Manual For Recrystallization Essay, Research Paper
The purification process:
Recrystallization & Filtration
Table of Contents
Chapter 1 Equipment involved and preparation
Glassware and accessories
Proper sterilization of equipment
Chapter 2 Setup procedure before purification
Choosing of solvent
Chapter 3 Gathering of an unknown compound and the first step: filtration
Repeat Filtration and Cleaning
Collection and measuring of crude sample
Chapter 4 Recrystallization process
Induction of Crystals
Chapter 5 Evaluation methods for purity
Small scale test
More accurate tests
Chapter 6 Frequently asked Questions and trouble shooting
To begin, the intent of this booklet is to give instructional advice. The instructions given will provide a basis to allow an individual to perform the necessary task to undergo the purification process. The design of the manual is to instruct students in a college laboratory setting. In particular, the area of science that the manual will focus on is Organic Chemistry. Students will be able to refer to this instruction guide throughout the semester because this process will be put in use often. The purification process if an essential part of chemistry, and the student must recognize its importance. Without a purified product, many of the drugs on the market would not be on sale. Even though these purification procedures are on a small scale, it will provide a starting point for those who are just beginning Organic Chemistry. The skills needed to purify a product will come with practice and help from the instructor, but this manual will give the initial directions to help the student on purification. Once mastered, more techniques will help the student to gain a product that is pure enough to put on the market.
The Equipment involved and preparation
The first step in understanding any laboratory process is understanding the equipment needed. Also, there is a need for the proper preparation of the tools needed before any of the steps can begin.
Glassware and accessories
The main pieces of glassware needed to conduct the filtration and recrystallization will be at least two 250ml flasks, a 100ml flask, and at least three 50 ml flasks. In addition, a glass stirring rod and a case of micropipettes would be useful. For the filtration procedure, a funnel with a rubber stopper, a trapper flask, and a small piece of filter paper is important to have. There is also a need for vacuum hoses in the filtration process as well. The student will also need a hotplate. The lab will provide all the necessary pipes needed to setup a vacuum and also the air current needed later on in the collection phase. Each lab will have different types of equipment, and it is the students responsibility to understand and learn how to work each tool.
For any experiment to have the proper results, cleaning and sterilization is critical part of preparation. The best way to have the glassware cleaned is to steam clean the many pieces in a autoclave or a dishwasher. This may be done in advance by the instructor or the students. It is also good practice to clean the equipment by hand, even after it has come out of a machine cleaner. The funnel and the filter paper must also be free of any impurities so that it will not reflect in the result. Because the purification process is so important, there has to be a high standard of cleanliness for all the tools that the student will use.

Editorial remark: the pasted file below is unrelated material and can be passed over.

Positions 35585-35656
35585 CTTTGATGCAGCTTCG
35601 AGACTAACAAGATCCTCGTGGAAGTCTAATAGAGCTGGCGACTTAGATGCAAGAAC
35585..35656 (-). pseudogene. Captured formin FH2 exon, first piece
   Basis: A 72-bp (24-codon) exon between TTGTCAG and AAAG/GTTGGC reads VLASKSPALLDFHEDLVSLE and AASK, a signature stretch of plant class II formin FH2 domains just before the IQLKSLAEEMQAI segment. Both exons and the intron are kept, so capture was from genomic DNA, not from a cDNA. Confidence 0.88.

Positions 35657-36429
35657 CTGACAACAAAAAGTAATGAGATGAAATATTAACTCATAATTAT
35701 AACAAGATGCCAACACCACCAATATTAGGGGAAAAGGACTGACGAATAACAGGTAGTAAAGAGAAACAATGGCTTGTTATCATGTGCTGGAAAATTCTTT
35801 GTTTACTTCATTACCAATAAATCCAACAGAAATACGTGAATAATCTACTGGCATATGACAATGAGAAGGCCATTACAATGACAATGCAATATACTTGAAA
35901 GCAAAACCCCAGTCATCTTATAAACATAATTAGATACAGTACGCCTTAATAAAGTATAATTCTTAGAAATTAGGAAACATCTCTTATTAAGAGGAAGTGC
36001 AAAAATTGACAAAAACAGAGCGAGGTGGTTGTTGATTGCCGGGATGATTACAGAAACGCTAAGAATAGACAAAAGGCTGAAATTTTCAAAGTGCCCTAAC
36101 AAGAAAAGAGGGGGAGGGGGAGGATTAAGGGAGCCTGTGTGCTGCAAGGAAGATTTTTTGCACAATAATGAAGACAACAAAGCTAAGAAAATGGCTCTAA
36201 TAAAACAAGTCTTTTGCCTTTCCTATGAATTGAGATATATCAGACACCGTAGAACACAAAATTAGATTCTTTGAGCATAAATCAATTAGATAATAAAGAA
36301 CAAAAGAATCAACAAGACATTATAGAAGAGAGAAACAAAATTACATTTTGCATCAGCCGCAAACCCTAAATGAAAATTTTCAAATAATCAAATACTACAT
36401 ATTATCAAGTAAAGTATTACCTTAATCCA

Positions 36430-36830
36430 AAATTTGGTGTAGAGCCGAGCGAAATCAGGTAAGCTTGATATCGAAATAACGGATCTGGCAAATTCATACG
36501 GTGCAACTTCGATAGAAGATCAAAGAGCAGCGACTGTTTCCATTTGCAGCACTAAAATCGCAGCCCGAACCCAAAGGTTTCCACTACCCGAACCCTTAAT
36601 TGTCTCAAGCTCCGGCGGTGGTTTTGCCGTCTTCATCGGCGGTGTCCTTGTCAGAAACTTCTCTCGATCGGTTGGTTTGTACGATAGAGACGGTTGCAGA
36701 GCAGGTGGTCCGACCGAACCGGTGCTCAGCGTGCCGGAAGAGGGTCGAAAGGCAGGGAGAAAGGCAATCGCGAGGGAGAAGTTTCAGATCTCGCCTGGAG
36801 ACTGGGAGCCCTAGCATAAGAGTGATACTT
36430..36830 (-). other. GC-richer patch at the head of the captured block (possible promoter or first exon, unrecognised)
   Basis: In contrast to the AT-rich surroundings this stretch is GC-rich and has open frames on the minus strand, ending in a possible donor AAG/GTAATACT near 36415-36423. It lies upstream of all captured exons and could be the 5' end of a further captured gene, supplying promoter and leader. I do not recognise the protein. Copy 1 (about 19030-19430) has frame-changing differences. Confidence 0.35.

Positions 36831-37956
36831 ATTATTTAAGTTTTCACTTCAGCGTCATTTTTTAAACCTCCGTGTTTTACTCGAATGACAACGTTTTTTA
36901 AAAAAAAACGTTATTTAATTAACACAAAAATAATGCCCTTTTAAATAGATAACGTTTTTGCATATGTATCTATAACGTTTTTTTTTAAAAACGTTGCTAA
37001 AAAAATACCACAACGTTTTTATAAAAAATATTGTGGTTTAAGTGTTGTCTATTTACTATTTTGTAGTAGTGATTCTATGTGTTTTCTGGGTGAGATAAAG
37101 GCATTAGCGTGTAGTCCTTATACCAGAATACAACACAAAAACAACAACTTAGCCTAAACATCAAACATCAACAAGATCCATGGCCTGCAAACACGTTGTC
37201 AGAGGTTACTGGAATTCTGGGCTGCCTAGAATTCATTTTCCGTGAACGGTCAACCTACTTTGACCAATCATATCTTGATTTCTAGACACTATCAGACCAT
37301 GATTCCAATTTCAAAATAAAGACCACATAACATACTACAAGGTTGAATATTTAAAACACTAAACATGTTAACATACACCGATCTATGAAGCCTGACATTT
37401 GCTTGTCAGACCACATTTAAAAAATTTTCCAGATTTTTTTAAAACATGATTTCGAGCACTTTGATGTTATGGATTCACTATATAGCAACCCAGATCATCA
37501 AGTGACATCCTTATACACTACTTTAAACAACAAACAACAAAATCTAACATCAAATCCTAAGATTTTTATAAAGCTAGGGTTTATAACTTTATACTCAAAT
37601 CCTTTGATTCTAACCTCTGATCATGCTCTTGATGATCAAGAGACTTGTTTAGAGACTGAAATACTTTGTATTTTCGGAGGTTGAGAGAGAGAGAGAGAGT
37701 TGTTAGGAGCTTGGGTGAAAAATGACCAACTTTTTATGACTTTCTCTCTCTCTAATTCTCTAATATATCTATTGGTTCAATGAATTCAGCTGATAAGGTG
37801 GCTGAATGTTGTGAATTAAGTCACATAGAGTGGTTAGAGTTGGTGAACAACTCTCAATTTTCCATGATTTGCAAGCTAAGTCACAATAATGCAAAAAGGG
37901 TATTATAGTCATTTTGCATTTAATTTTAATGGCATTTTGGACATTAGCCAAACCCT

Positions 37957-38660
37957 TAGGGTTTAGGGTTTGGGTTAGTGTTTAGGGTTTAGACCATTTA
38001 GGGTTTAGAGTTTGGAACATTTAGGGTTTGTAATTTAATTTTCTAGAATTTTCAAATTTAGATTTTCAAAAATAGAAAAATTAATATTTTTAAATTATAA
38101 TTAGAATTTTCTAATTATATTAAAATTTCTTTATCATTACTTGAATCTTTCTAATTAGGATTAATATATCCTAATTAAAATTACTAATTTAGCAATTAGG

*It is extremely important that the student make sure all the pieces are dry as well or the weight of excess water will show up in the results. Thus exaggerating the final calculations*
Above all else, it is important to take all the proper methods to be safe in the laboratory. All Students must wear safety goggles at all time in the lab. It would also be a good idea to wear pants and shoes in case of spillage. Also, the student might also consider wearing gloves, but the instructor will notify the student if the chemicals require a student to wear gloves. It is also important that all safety related issues be reported to the instructor immediately.
WARNING: DO NOT TRY TO CLEAN UP CHEMICALS WITHOUT NOTIFYING THE INSTRUCTOR
Setup Procedure before purification
The setup for the process is simple, but choosing the right solvent to do the job is critical.
The setup of the glassware for the filtration procedure is as follows. First one hose must be firmly on the vacuum pipe on the water facet in the lab. The other end of the hose will go to a flask will connect to the top end of a trapper flask. ( The purpose of the trap is prevent water from the pipe to flow into the filtrate after the process is complete.) Next the on the side of the trapper flask is a small projection for another hose. The other end of this hose will go to the 250ml flask with the vacuum projection on the side. This is the flask where the filtrate will fall into. Place a funnel with a small piece of filter paper in on the top of the flask. Make sure a rubber stopper is on the top of the flask as well in order to have a proper seal. The only other setup required is for the air drying process that is done in the collection phase after recrystallization. A micropipette attached to a hose, which will provide a stream of air to allow the solvent to evaporate off of the crystals. The air stream will come from the pipes in ventilator hoods in the lab.
Choosing of Solvent
The most crucial part of any recrystallization is the need for the correct solvent. It is important because it must dissolve the crude sample while it is hot but not when it is cold. In addition, it must dissolve the impurities in the sample at both temperatures, so that they remain in solution. This process is usually a matter of trial and error. However, the instructor may have already chosen the solvent before hand. Students should refer to their textbooks and understand the concepts of polarity and solvation before they proceed to choose a solvent. *If problems arise ask the instructor for help.*
Gathering of an unknown compound and filtration
Without proper filtration, the rest of the purification steps will be pointless. It is crucial that the student take care when transporting the sample from each piece of equipment to another.